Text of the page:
Over in the United Kingdom, where energy prices are a growing problem, climate protestors have been throwing soup at Van Gogh paintings. Others in Germany glued themselves to a museum floor, demanding an immediate shift to 100% green energy.
I’m as concerned about climate change as anyone. However, solutions that leave millions to shiver and then go bankrupt aren’t helpful. This challenge needs better answers.
Actually, it’s two overlapping challenges.
First, we need clean, abundant energy sources that don’t depend on the handful of countries who control most of the oil and gas supply.
Second, we need to make that transition while maintaining adequate, reasonably priced supplies of the fossil fuels on which the world presently depends, and for which alternatives aren’t fully ready.
Doing both is difficult, in part because oil and gas companies have little incentive to invest in future capacity when they aren’t sure anyone will buy it.
There might be a way to walk this tightrope, though. It’s not ideal and has risks. But it’s actually happening… and few have even noticed.
Whatever you think about the oil industry, it does certain things very well. The companies know how to find energy deposits and bring them to the surface at surprisingly low cost. This fueled (literally) a century of economic growth that produced our modern living standards.
Yet this process—producing fossil fuels, transporting them where needed and then burning them to power our machinery—has increasingly problematic side effects, and not just environmental ones. Oil and gas are geopolitical ace cards. They put enormous power in sometimes malevolent hands, leading to wars and death.
Developing sustainable energy would be a good idea even without climate change. Governments are trying to nudge along the market forces that will eventually make it happen. But how to manage the transition?
If you run an oil company, you have to think long-term. Developing a new deposit takes a long time and a lot of capital. You need to know years in advance that you’ll be able to sell what you produce at a profitable price.
Today’s industry leaders remember spending loads of money early this century only to see oil prices crash in 2014‒2015, thanks to Saudi manipulation. They don’t want to risk that again. Today’s higher prices don’t remove the fear prices will be lower in 2025 and beyond.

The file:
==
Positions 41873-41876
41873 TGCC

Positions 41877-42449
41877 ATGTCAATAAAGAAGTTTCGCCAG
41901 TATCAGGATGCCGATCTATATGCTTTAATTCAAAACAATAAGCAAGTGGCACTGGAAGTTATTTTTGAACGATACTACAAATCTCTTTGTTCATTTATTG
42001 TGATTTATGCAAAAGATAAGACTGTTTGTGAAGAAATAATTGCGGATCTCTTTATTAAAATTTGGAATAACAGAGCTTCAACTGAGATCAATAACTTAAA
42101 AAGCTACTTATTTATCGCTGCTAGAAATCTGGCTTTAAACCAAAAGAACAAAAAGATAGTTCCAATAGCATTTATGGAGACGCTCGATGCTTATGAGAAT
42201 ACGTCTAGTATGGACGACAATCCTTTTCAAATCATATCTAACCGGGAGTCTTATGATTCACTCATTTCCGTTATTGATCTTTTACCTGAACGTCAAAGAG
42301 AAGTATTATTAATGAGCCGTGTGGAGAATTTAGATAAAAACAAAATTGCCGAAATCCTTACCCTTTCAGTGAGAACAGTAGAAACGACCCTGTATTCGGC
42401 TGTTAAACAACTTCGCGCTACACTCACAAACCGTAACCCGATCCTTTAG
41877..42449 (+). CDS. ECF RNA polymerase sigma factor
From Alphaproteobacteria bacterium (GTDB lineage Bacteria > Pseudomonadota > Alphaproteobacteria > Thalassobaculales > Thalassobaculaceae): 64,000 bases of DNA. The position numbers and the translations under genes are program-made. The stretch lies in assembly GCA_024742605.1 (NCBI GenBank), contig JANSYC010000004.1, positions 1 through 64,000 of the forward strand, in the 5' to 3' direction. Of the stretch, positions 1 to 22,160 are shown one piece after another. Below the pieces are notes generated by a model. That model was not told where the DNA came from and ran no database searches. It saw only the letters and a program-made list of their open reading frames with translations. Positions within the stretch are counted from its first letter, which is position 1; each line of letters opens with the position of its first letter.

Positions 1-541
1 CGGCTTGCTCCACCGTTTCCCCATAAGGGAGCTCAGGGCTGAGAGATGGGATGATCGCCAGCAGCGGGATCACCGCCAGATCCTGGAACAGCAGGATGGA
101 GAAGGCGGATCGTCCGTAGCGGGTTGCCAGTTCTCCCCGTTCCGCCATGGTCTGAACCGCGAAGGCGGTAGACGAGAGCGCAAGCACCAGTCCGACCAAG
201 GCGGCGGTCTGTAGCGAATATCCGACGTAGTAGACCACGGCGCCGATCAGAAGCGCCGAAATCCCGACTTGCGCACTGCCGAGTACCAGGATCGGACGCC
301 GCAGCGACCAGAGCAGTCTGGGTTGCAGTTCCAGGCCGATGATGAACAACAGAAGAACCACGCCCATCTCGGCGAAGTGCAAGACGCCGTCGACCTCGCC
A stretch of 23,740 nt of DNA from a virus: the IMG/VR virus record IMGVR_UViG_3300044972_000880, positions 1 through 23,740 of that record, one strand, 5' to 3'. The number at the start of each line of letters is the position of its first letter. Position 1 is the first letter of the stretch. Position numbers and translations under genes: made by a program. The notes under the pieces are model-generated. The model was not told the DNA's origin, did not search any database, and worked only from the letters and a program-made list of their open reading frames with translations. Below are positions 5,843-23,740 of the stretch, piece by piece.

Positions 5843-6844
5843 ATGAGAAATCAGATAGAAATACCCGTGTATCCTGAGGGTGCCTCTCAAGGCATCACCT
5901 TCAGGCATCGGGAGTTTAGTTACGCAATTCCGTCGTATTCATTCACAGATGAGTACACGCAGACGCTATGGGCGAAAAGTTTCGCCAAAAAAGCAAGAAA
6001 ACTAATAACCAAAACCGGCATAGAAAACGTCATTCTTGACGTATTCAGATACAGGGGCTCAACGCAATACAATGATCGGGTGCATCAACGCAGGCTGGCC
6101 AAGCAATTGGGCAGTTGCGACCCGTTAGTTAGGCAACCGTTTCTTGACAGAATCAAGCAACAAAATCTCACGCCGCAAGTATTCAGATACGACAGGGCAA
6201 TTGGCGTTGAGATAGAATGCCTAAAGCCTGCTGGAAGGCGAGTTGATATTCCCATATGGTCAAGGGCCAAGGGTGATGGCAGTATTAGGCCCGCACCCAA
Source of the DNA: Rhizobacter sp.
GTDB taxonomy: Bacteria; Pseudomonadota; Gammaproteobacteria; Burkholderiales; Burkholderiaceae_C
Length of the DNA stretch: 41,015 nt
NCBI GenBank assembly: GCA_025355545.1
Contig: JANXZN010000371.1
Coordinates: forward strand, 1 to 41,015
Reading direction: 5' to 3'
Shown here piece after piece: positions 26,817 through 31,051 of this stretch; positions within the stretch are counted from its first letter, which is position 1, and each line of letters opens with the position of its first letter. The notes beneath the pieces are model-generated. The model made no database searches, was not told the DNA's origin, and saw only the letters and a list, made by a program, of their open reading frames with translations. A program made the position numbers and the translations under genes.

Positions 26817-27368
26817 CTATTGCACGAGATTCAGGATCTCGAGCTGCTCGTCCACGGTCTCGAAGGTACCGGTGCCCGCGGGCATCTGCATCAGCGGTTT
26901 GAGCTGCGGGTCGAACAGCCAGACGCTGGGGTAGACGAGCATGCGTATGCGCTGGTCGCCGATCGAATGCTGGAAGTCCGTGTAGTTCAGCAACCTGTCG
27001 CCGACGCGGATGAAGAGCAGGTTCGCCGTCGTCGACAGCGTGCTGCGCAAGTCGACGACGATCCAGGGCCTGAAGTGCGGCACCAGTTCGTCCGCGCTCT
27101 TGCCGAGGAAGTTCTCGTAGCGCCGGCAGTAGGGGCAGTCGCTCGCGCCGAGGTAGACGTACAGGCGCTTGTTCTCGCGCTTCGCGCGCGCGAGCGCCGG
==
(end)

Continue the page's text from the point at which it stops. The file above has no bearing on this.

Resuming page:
If there were a way to remove that concern—to assure the companies that they can sell their future output profitably—they would have a reason to make the necessary investments.
Maybe there is.
The Biden administration has been releasing crude oil from the US Strategic Petroleum Reserve (SPR). This has helped reduce gasoline prices, although at the cost of reducing the country’s emergency reserves.
SPR releases affect both today’s supply and tomorrow’s demand. At some point, the government will buy more crude oil to replace this year’s releases.
In the past this was done at current market prices. The Energy Department started a rulemaking process back in July that will let it buy oil at long-term, fixed-price contracts. That apparently led to this Oct. 19 White House press statement (my emphasis in bold):
“[T]he Administration intends to repurchase crude oil for the SPR when prices are at or below about $67‒$72 per barrel, adding to global demand when prices are around that range. As part of its commitment to ensure replenishment of the SPR, the DOE is finalizing a rule that will allow it to enter fixed-price contracts through a competitive bid process for product delivered at a future date. This repurchase approach will protect taxpayers and help create certainty around future demand for crude oil. That will encourage firms to invest in production right now, helping to improve U.S. energy security and bring down energy prices that have been driven up by Putin’s war in Ukraine.”
In other words, the government intends to buy large amounts of crude oil for future delivery at $67‒$72 per barrel. Perhaps not coincidentally, those prices are in the range energy industry executives said earlier this year will make new drilling profitable. This was from a March Dallas Fed survey:
Source: Federal Reserve Bank of Dallas
In the Permian Basin (i.e., West Texas), oil companies can make a profit at prices as low as $48, so $67‒$72 would be even more lucrative.
The government is essentially offering the oil industry a “put option.” Whatever the market price is, the companies who take these contracts would have their prices locked in. The White House hopes this will incentivize more domestic oil production.
This may seem like a win-win arrangement, but details matter. The oil companies and the government will have to negotiate. Reaching terms that work for both sides may not be so simple.
Cost matters, too. The government could actually turn a profit if it sells oil from the SPR for more than it pays to replace the oil. But it could take losses as well, which wouldn’t be good for an already-giant national debt.
It’s also not great to have government intervening in commodity prices. The politicians in charge can use that power in unhelpful ways.
On the other hand, the government has been intervening in agricultural commodities for decades. Various USDA programs have probably raised grocery prices, but we do it anyway because having a reliable domestic food supply serves our national interest. A reliable domestic energy supply is equally important.
Other governments are already manipulating oil prices. Saudi Arabia, Iran, Venezuela, Russia, and other oil-producing countries collude to promote their own interests.
Maybe the US—which is now a top energy producer and exporter—should play that game, too.
Because I think we can probably win it.
See you at the top,